Saturday 6th June
More information on the New Writing North website
Review by Charlotte Hall
Writing can be personal yet public, controversial yet ignored, meaningful yet forgotten – basically, it can be anything you want it to be. But despite the lack of boundaries and rules, we all still need a little help and guidance along the way and that’s exactly what the 2015 Newcastle Writing Conference was about: not telling you what to do and when to do it but offering advice to help make the most out of the ideas and the talent we already have.
After filling our boots with hot drinks and biscuits, we were welcomed by New Writing North chief executive, Claire Malcolm, who then passed onto acclaimed novelist, Meg Rosoff. Speaking about the trials and tribulations of her life so far, she took us on her imperfect journey of what adulthood is actually like. From working in jobs that she hated – and being fired from most, if not all of them – to moving to London where she met her husband, to finally, at the age of 45, sitting down and writing her first ever novel, Meg was fantastic. Witty and truthful, her speech was one of my favourite parts of the day, inspiring us all to just forget what we think we ‘should’ be doing and just write what we want to.
We then moved onto the ‘How to Stand Out in a Digital Age’ panel, which featured Ben Willis, head of digital publicity at Transworld; Costa-shortlisted author and social media expert Nikesh Shukla; vlogger and Hotkey Books digital coordinator Sanne Vliegenthart, whose YouTube book vlog, Books and Quills, has over 124,000 subscribers; and blogger Simon Savidge, who runs the influential book blog, Savidge Reads. Talking about the influence social media and blogging now has on the book buying public, as well as their views on the publishing industry in the technologically engaged 21st century; it was so interesting to hear their views, exploring how the digital age has transformed the industry.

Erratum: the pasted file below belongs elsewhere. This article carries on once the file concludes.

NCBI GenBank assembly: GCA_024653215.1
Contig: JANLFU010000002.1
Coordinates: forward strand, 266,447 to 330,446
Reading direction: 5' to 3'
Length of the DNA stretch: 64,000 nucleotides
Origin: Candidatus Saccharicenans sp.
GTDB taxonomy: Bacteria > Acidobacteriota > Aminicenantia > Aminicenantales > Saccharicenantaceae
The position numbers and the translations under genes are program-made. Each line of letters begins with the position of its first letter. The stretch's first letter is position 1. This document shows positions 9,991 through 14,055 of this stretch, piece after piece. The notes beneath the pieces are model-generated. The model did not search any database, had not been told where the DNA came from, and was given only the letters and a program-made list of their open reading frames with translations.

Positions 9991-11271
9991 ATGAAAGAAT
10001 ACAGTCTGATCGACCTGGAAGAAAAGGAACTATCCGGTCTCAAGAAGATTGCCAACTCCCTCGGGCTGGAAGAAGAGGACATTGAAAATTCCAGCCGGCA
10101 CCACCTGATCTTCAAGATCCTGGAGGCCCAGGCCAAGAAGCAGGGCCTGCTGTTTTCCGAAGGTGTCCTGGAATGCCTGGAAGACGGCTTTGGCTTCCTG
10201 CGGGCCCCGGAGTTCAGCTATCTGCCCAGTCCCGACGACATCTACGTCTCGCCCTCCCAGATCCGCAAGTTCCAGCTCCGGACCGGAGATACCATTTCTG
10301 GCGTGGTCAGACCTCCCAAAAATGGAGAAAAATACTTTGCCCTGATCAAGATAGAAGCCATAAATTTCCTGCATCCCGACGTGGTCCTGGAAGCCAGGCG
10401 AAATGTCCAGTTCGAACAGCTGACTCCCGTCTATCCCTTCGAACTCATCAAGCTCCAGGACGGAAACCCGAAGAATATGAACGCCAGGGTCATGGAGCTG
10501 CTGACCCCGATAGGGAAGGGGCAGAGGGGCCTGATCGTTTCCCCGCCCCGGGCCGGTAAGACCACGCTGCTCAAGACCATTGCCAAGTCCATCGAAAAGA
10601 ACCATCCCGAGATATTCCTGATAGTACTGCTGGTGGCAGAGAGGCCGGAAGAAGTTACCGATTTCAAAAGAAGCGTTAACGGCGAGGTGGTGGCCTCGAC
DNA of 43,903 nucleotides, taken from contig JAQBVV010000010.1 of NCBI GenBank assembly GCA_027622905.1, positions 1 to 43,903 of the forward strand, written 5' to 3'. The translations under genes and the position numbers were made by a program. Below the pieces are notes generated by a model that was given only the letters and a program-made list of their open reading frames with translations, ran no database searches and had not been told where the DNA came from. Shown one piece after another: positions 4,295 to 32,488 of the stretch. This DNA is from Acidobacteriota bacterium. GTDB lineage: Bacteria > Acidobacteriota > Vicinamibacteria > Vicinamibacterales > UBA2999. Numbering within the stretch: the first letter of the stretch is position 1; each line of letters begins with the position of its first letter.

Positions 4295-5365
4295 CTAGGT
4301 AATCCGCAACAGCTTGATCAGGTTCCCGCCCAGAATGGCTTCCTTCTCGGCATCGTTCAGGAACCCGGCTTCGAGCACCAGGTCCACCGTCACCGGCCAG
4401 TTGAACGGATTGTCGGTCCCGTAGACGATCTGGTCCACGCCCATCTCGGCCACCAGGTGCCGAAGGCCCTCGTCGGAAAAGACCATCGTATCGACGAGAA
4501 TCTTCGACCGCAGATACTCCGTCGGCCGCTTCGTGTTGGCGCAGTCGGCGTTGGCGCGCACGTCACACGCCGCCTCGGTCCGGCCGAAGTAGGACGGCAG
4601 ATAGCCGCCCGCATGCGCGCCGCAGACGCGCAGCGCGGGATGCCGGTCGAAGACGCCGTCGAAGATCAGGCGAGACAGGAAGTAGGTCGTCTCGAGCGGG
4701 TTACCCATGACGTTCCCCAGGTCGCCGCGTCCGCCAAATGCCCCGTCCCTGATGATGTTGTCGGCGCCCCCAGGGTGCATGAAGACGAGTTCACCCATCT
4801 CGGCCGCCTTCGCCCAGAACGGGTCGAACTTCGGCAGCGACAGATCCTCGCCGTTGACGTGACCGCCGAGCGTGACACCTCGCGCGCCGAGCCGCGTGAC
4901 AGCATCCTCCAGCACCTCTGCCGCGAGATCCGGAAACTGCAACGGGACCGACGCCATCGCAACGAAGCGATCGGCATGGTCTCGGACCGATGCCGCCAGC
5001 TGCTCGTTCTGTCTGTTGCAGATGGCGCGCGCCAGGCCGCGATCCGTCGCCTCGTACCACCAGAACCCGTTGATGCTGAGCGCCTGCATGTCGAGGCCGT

There were a number of workshops and each person was able to choose the two that they wanted to attend. As a blogger myself – and someone who uses social media to promote my writing – I chose ‘Websites and Blogging’ and ‘Develop your Online Presence’. I really feel that the writing and the content you produce is, obviously, the most important thing however it was really great to explore how powerful social media can be in engaging your target audience. Both sessions had an informal and relaxed feel; they did a good job at explaining the basics to those that might be just starting out and pointing out the dos and don’ts of all things digital.
The closing panel, ‘What’s Hot and What’s Not’ was my favourite session of the day. The panel consisted of experts within the publishing industry, including Francesca Main, editorial director of Picador (who recently edited the best-selling The Miniaturist by Jessie Burton), Rachael Kerr, the editor-at-large at Unbound; Anna James, book news and media editor of publishing industry bible The Bookseller and books editor of Elle magazine; and Jo Unwin, literary agent whose clients include Nina Stibbe and Jenny Colgan. I really did love listening to them talk about the industry – about books they’ve loved and those they think will do well over the next year or so. I have already ordered two of the books that Anna James raved about – The Bees by Laline Paull and How to be Both by Ali Harris, which I am currently reading and loving.
The 2015 Newcastle Writing Conference’s theme this year was ‘Do It Yourself’ and, after attending this event, I feel inspired and motivated to do just that.